Equal Employment Opportunity Commission (EEOC)

It is no secret that more U.S. workers are electing to put off retirement and remain in the workforce longer. Given the current labor shortage (lowest unemployment rate in 18 years), this is great news for companies as retaining experienced workers decreases turnover cost and provides immeasurable value in other areas of corporate performance. However, there is a tendency among some companies to “get younger” since experienced workers are often the most highly compensated employees and the newer crop of workers are digital natives that tend to be more technologically fluent.

Given this context, it is unsurprising that age discrimination has become the hot-button workplace discrimination issue in the media (notwithstanding sexual harassment, of course). On June 26, the U.S. Equal Employment Opportunity Commission (“EEOC”) released a report titled The State of Older Workers and Age Discrimination 50 Years After the Age Discrimination in Employment Act. A few of the key takeaways:

  1. Statistics suggest age discrimination is pretty common in today’s workforce. 90% say it is somewhat or very common, and more than 60% of workers 45 and older admitted to witnessing or experiencing age discrimination.
  2. Certain groups are particularly vulnerable – women, minorities and tech workers. In the technology industry, workers are sensitive to the fact that they may be replaced by younger workers – more than 40% of older tech workers are worried about losing their job because they fear age is a liability to their career.
  3. Older workers that lose jobs have much more difficulty finding a new job. This is important because if a worker remains out of work, they may be more likely to institute litigation against their former employer for discrimination.

South Carolina employers are advised to think critically when making decisions about your more experienced workers. Perhaps it is time for your organization to rethink outdated company policies about when a worker should retire, and rethink traditional “succession planning” measures that often disadvantage experienced workers. As more millennials enter the workforce, now is the time to think about how you onboard and train employees regarding stereotypes of the older generation.

Pregnant woman at workThe South Carolina Pregnancy Accommodations Act, found here, was signed into law on Friday, May 18, 2018. The Act amends the South Carolina Human Affairs Law. In passing the legislation, the General Assembly stated,

It is the intent of the General Assembly by this act to combat pregnancy discrimination, promote public health, and ensure full and equal participation for women in the labor force by requiring employers to provide reasonable accommodations to employees for medical needs arising from pregnancy, childbirth, or related medical conditions. Current workplace laws are inadequate to protect pregnant women from being forced out or fired when they need a simple, reasonable accommodation in order to stay on the job. Many pregnant women are single mothers or the primary breadwinners for their families; if they lose their jobs then the whole family will suffer. This is not an outcome that families can afford in today’s difficult economy. Continue Reading South Carolina Pregnancy Accommodations Act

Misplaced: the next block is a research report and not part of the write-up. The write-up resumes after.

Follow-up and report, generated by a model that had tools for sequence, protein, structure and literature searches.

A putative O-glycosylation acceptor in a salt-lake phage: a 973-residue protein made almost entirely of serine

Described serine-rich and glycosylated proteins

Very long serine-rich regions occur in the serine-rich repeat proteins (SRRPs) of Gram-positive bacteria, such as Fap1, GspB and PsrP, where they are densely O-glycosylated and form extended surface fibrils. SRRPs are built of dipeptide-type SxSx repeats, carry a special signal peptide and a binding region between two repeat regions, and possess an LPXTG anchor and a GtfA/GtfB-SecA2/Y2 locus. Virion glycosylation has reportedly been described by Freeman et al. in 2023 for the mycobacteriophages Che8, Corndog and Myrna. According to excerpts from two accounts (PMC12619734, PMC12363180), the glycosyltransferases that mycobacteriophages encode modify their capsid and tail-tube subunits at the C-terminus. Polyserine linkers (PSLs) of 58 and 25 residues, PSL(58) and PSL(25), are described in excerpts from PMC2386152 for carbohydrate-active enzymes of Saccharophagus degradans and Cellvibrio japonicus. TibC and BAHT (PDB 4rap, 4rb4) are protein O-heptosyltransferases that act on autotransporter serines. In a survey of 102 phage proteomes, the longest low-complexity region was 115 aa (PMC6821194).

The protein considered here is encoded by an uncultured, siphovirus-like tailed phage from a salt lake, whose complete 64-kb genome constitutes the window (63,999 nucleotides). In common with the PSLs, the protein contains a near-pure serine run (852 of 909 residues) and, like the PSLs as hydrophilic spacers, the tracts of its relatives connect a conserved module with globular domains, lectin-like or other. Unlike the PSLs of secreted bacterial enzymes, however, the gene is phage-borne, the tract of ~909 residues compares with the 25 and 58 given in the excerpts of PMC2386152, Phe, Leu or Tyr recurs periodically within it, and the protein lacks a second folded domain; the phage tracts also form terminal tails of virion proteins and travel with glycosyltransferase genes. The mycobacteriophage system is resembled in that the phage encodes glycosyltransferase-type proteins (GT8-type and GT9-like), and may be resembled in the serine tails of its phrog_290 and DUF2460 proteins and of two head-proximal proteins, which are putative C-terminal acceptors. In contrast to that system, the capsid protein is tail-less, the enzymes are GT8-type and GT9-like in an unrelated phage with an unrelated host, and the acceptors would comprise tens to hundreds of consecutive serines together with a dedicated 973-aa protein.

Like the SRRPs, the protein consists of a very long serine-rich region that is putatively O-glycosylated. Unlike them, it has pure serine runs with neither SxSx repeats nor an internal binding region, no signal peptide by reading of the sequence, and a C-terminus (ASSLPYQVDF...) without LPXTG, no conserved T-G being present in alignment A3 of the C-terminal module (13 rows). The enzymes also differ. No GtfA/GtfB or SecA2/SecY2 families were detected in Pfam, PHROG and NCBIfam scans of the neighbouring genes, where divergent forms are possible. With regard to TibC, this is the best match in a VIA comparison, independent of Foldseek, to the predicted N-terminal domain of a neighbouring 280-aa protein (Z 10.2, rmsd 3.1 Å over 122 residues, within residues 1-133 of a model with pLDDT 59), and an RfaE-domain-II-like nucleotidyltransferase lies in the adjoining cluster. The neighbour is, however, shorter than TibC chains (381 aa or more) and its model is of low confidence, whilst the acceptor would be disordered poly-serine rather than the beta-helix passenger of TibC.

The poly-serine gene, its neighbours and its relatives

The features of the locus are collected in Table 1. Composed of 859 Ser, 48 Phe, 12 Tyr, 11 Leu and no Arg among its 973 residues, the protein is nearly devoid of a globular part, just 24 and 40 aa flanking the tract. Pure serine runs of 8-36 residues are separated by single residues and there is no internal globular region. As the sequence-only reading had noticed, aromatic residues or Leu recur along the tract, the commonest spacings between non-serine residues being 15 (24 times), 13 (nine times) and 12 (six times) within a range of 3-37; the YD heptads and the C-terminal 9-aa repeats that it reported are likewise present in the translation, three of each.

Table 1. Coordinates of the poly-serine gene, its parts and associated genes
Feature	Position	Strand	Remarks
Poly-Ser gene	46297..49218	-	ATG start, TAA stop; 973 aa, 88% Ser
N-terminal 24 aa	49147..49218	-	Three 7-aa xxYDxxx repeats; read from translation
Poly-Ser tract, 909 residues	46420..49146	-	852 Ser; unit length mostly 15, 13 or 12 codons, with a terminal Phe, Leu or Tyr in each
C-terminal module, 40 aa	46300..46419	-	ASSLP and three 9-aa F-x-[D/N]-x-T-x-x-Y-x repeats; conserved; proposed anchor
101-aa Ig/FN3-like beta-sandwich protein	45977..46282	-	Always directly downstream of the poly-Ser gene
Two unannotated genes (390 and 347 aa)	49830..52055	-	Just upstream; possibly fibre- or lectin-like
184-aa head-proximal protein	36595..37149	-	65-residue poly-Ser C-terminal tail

According to the Centers for Disease Control (“CDC”), the United States experiences a flu season each year. With this year’s flu season considered one of the worst since the 2009-2010 pandemic, many employers wish to implement policies to protect the workplace and wonder whether they can implement policies mandating vaccination for their employees. This desire is particularly present in healthcare because those employees are charged with protecting patient safety and more often exposed to patients with compromised immunity. Continue Reading Employer Policies Involving the Flu Vaccine and Discrimination Under Title VII

Sexual Harassment Complaint Form

The latest headlines confirm the 2016 findings published by the Equal Employment Opportunity Commission (EEOC) that workplace harassment too often goes unreported. The EEOC reports that “approximately 70% of the individuals who experienced harassment never even talked with a supervisor or manager,” meaning that they didn’t report it to their employer. The EEOC found the most common response of any employee who experienced sexual harassment was not to report it but to avoid the harasser, or ignore or attempt to forget the behavior. The reason for not reporting it was that the victim feared they would not be believed, they would be blamed or ostracized, or that they would be retaliated against.